The traditional taxonomic classification is based on the most obvious similarities between species. It has been put in place long before the idea of evolution has emerged.
Thus, using the most visible characters, the traditional classification does not accurately estimate the degree of relatedness between species, and it was not its original purpose. However, it is useful for species recognition with identification keys, or for the management of biological collections. It is easily usable by the general public. Under this classification, a fish will always be close to another fish of another species not fish.
This is actually not always true. Indeed, fish are characterized by scales and fins. Yet humans share with some fish species, such as coelacanths, another character: the fleshy and not radiated member. This last character is not present in the trout, for example. Is a coelacanth closer to a human than a trout? What should be used to establish the closest relatives: the fleshy member or the presence of fins?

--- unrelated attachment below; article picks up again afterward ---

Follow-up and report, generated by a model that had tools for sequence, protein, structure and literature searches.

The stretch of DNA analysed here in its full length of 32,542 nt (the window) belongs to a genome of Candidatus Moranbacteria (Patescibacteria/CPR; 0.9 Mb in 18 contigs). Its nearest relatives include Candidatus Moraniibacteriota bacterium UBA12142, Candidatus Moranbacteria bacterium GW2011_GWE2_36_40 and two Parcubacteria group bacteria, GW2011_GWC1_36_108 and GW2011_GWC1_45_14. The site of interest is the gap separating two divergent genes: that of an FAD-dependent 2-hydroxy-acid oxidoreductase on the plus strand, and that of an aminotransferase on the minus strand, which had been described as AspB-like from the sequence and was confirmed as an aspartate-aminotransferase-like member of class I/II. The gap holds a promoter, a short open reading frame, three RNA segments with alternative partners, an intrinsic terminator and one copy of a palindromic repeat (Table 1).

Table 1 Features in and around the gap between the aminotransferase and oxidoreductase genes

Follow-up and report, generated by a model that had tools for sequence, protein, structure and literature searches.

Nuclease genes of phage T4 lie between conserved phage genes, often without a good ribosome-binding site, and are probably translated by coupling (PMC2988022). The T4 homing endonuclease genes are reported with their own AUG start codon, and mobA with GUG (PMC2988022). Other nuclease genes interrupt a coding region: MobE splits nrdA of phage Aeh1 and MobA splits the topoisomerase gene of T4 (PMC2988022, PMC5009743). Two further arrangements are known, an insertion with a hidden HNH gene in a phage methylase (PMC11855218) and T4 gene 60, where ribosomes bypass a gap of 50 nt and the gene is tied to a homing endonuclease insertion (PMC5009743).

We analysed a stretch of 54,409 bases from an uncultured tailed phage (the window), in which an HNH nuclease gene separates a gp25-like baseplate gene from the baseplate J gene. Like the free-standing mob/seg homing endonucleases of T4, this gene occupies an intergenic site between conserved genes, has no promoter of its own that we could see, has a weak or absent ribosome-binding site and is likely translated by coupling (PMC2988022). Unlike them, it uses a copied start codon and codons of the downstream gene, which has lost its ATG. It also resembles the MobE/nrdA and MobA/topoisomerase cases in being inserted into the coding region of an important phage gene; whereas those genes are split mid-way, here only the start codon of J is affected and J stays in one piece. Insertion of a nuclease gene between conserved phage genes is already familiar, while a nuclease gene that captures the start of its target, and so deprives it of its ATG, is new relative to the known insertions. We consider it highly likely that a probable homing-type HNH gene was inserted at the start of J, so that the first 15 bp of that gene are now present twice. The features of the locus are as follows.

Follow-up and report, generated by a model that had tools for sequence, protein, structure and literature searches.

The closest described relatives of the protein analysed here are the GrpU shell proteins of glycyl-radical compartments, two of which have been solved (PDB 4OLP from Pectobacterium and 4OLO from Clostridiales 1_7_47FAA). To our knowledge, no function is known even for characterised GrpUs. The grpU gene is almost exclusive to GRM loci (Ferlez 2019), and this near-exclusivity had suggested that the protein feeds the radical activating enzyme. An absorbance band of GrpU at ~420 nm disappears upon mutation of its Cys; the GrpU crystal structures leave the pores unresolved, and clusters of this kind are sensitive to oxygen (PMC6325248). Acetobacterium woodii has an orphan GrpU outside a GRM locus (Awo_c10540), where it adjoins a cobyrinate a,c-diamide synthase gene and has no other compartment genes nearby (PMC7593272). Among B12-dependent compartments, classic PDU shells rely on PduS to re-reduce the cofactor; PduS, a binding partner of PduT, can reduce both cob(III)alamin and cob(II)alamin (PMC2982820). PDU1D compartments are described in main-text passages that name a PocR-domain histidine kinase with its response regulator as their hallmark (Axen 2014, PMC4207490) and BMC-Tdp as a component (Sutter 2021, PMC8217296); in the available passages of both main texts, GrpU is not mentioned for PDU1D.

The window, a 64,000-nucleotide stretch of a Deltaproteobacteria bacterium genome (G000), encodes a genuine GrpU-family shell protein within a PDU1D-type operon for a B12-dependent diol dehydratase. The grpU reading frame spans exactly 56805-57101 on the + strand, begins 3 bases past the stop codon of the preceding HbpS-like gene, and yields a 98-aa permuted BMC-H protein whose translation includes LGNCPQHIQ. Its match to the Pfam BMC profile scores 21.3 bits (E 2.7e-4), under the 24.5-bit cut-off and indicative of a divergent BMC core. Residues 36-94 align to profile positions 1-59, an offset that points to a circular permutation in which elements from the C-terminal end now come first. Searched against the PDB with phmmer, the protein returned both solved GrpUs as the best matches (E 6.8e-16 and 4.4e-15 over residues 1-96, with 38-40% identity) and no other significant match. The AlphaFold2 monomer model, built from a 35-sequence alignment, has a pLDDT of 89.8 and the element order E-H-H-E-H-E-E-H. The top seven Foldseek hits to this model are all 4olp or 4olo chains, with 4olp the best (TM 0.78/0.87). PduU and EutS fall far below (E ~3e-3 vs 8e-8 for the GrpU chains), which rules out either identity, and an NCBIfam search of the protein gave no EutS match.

In the 1950s, phylogenetic classification was created. It is a system of classification of living things whose purpose is to report the degree of relatedness between species. This makes it possible to understand their evolutionary history (or phylogeny). It does not recognize certain groups such as reptiles or fish unlike the conventional classification.
Phylogenetic classification has replaced the traditional classification in most of the scientific community and in secondary education in France.